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Court puts GOP in difficult position

July 6, 2013
By Dr. David Turner

For the United States, the Fourth of July represents not only the triumph of independence but the victory of an idea. Not only does it celebrate political freedom but personal liberation as well. "All men are created equal," although Thomas Jefferson may have not totally grasped its importance, was revolutionary in a highly profound way. Over time the phrase gets richer, wider and more inclusive.

As we saw with the Supreme Court ruling on Proposition 8 in California and the striking down of the Defense of Marriage Act, the definition of equality grew. It was a narrow decision, 5-4, and represented another liberation if not liberal victory. Certainly with Judge Anthony Kennedy, who also voted to weaken the Voting Rights Act, the decision was not solely a liberal product.

Now the issue was sent back to the individual states. However, the decision was strongly worded, a fact lost on those who opposed the measure. When Kennedy refused to delay marriages in California, he surprised conservatives who assumed they had a month. No "with all deliberative speed" caveat that slowed the enforcement of Brown v. Topeka in 1955. The majority on the court was emphatic and the barriers fell and the marriages commenced.

Predictably the religious right vowed to fight the marriage equality movement right to the last state legislature. After all, 37 states do not have the law, but the strength of the DOMA ruling placed them in a weakened position. It is still under review, but it appears that Ted Olsen and David Boies set a trap that was far more comprehensive than California. Just moments after the ruling came down, opponents still mumbled that Prop 8 was still valid. As of June 26, 2013, it was dead but its supporters did not notice. Hence, the weekend marriages.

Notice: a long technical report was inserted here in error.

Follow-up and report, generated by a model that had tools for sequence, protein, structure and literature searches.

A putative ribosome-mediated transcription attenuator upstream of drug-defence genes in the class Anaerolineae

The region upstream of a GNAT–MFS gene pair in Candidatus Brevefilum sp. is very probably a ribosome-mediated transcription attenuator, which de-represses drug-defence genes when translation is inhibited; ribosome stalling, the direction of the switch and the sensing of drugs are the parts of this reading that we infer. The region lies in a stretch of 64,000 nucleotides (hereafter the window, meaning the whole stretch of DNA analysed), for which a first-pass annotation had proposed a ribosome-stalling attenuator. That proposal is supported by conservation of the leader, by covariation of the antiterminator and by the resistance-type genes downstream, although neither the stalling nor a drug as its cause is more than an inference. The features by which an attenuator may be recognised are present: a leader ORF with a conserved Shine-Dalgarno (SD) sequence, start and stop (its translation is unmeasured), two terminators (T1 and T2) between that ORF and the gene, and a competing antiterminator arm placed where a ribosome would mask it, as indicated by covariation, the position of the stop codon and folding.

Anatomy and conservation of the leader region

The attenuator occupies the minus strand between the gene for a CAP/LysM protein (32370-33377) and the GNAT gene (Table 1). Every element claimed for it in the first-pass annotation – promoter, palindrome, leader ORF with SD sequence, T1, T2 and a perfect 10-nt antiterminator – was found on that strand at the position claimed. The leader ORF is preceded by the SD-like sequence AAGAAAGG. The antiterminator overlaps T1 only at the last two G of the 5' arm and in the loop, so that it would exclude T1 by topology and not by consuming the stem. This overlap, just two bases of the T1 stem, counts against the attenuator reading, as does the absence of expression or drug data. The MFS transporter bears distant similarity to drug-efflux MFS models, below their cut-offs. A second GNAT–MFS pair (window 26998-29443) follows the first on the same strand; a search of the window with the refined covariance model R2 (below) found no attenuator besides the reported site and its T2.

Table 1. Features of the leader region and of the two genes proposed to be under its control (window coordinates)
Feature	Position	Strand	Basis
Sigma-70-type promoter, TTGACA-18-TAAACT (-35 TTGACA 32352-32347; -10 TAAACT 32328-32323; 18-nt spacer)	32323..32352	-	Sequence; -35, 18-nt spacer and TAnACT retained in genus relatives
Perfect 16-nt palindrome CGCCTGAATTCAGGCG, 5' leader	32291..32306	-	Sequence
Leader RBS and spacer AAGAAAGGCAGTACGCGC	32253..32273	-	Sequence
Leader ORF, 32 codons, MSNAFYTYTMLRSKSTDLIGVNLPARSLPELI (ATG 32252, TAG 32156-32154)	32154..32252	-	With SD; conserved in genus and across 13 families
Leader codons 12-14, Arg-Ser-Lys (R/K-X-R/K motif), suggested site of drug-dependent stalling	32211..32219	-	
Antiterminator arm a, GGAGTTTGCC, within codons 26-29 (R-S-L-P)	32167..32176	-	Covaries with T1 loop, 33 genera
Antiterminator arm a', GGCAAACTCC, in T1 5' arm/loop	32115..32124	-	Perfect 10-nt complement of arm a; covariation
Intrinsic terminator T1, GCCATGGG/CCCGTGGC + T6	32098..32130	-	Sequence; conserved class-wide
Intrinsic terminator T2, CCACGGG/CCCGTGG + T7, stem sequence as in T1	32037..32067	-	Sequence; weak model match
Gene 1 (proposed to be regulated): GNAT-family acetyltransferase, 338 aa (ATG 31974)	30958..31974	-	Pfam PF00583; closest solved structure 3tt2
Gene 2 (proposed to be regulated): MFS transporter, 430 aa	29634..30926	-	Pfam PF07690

For Republicans, it is difficult, and after the passage of the immigration bill in the Senate, it places them into a knotty position. Chris Christie denounced the decision, no doubt displeasing some of his Democratic fans. But if Christie wants the Republican nomination, he could have done nothing but what he did. But, such social controversies place the GOP in a bad position and hurt in the main event.

The libertarian and business wings of the GOP have problems with social conservatives. This is nothing new; certainly Democrats have their own problems in that regard. Leftists are routinely thrown under the bus if corporate interests are questioned. This Supreme Court is one of the most corporate friendly in recent memory. So it stands to reason that the Christian right would face a similar circumstance.

But arguably, the Christian right is stronger within the GOP than economic progressives in the Democratic Party. Which makes the Republican problem sticky. But social issues have cost the GOP. They no longer compete in California, and they appear nationally as the party of people of a certain age.

Although the high court's decision was narrow, its political impact was wide.

For Republicans, it is a time for choosing, and neither choice is particularly easy.

 
 

 

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